Overall, $439 million in combined funding has been appropriated to the project that started with an estimated cost of less than $300 million in 2003. Of that, $138.6 million was federal money appropriated through various channels over nine years.

During his Feb. 18 report to the Legislature, the Anchorage mayor said it would probably need another $250 million to $300 million in addition to the roughly $130 million the municipality has set aside for work now.

The money available now will last for some time, Sullivan said, as his plan has scaled back the scope of the project. A brand new $280 million “north berth” dock has been taken off the table and future work will focus on traditional, pile-supported structures to mainly replace what is at the port now, he has said several times.

As the 50th anniversary of the 1964 earthquake approaches, port officials have said the aging structure that withstood that disaster likely wouldn’t fare so well if a similar quake were to happen now as corrosion and general age have taken their toll.

Sullivan told state lawmakers that he thought that the likelihood of the project receiving federal funding similar to past levels going forward — $138.6 million over nine years — is “very slim,” he said.

Because the Defense Department has deemed the Port of Anchorage is a strategic port, $60.4 million of the federal funds the construction project has received to date came from the department, which requires dredging to a mean depth of 45 feet at such ports. The port is currently dredged to about 35 feet at the dock face.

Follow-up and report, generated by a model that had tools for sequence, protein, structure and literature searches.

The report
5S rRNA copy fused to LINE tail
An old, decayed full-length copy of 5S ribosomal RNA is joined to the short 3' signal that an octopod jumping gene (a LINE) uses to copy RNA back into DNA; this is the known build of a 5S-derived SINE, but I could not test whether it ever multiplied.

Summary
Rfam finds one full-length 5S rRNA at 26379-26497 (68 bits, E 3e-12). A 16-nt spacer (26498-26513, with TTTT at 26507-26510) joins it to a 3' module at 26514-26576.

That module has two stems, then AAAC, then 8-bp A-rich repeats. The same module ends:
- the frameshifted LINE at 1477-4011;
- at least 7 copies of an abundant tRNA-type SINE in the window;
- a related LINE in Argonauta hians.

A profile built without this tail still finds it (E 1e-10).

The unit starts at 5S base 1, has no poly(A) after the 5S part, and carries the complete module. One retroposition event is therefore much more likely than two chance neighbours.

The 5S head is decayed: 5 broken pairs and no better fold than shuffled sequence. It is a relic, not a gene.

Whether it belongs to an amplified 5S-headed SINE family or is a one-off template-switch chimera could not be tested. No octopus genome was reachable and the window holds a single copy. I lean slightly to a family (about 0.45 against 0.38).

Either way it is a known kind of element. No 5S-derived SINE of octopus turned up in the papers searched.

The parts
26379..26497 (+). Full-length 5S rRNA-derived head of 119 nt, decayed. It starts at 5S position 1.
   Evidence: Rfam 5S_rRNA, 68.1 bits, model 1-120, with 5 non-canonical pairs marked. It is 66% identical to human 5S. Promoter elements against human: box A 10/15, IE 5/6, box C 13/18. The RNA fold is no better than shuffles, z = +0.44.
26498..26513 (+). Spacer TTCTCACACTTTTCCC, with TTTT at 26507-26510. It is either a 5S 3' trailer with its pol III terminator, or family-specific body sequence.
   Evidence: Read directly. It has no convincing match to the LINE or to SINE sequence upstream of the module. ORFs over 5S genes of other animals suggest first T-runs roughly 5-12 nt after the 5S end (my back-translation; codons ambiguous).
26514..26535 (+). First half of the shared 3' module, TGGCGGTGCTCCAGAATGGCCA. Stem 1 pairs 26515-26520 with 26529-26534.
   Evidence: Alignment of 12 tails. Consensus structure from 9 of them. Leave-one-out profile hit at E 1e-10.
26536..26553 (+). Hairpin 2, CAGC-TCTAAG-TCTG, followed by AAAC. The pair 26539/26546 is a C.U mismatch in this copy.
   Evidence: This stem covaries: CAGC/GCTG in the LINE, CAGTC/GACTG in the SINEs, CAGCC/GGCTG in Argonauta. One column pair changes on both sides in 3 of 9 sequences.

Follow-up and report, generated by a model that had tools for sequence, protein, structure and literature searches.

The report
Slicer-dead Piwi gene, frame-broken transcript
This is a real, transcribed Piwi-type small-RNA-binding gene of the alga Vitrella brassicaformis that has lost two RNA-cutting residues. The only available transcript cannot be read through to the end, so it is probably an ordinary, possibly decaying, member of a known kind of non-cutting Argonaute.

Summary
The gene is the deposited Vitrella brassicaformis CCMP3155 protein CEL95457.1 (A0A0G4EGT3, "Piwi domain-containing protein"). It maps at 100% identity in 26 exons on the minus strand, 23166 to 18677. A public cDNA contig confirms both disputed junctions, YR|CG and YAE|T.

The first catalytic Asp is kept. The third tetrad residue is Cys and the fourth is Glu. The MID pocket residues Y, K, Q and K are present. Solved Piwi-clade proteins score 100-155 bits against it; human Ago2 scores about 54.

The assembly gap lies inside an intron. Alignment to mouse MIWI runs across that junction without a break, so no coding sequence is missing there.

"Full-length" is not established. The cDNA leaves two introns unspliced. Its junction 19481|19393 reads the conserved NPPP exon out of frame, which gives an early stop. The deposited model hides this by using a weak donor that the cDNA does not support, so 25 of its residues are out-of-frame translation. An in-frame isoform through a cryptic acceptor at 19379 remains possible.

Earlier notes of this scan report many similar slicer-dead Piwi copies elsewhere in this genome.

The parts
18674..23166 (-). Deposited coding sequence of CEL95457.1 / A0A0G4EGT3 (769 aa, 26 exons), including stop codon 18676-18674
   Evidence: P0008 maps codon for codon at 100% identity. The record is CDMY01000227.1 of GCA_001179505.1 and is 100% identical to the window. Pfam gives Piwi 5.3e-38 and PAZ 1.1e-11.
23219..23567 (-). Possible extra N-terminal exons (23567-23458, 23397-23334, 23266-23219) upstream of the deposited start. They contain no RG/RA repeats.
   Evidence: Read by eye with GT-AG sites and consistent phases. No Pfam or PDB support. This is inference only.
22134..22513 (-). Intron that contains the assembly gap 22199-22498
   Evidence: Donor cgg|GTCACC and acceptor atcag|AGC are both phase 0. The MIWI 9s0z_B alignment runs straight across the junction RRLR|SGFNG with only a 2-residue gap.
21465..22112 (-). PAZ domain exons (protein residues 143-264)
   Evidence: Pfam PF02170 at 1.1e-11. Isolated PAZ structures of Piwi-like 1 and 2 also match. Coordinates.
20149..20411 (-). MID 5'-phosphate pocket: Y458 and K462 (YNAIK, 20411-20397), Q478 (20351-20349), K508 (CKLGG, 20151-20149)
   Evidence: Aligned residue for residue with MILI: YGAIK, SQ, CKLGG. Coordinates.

That might make the project available for some Defense and federal grant dollars, but he added that he plans to meet with the Gov. Sean Parnell and officials with the Alaska Industrial Development and Export Authority and the Alaska Housing Finance Corp. in the coming months about alternative funding. He said the municipality will prepare its plans for next legislative session and the port would almost certainly be its largest single request to the state in 2015.

“We need to really strategize on what are the best sources of money that may again include some additional local debt,” Sullivan said at his press conference.

The city has contributed $80.3 million to port construction.

Sullivan also may have hinted to the Legislature that action against MARAD was being planned.

“We are not going to go quietly into that good night when it comes to legal options with MARAD,” he said at the time.

Elwood Brehmer can be reached at elwood.brehmer@alaskajournal.com.

Add your comment: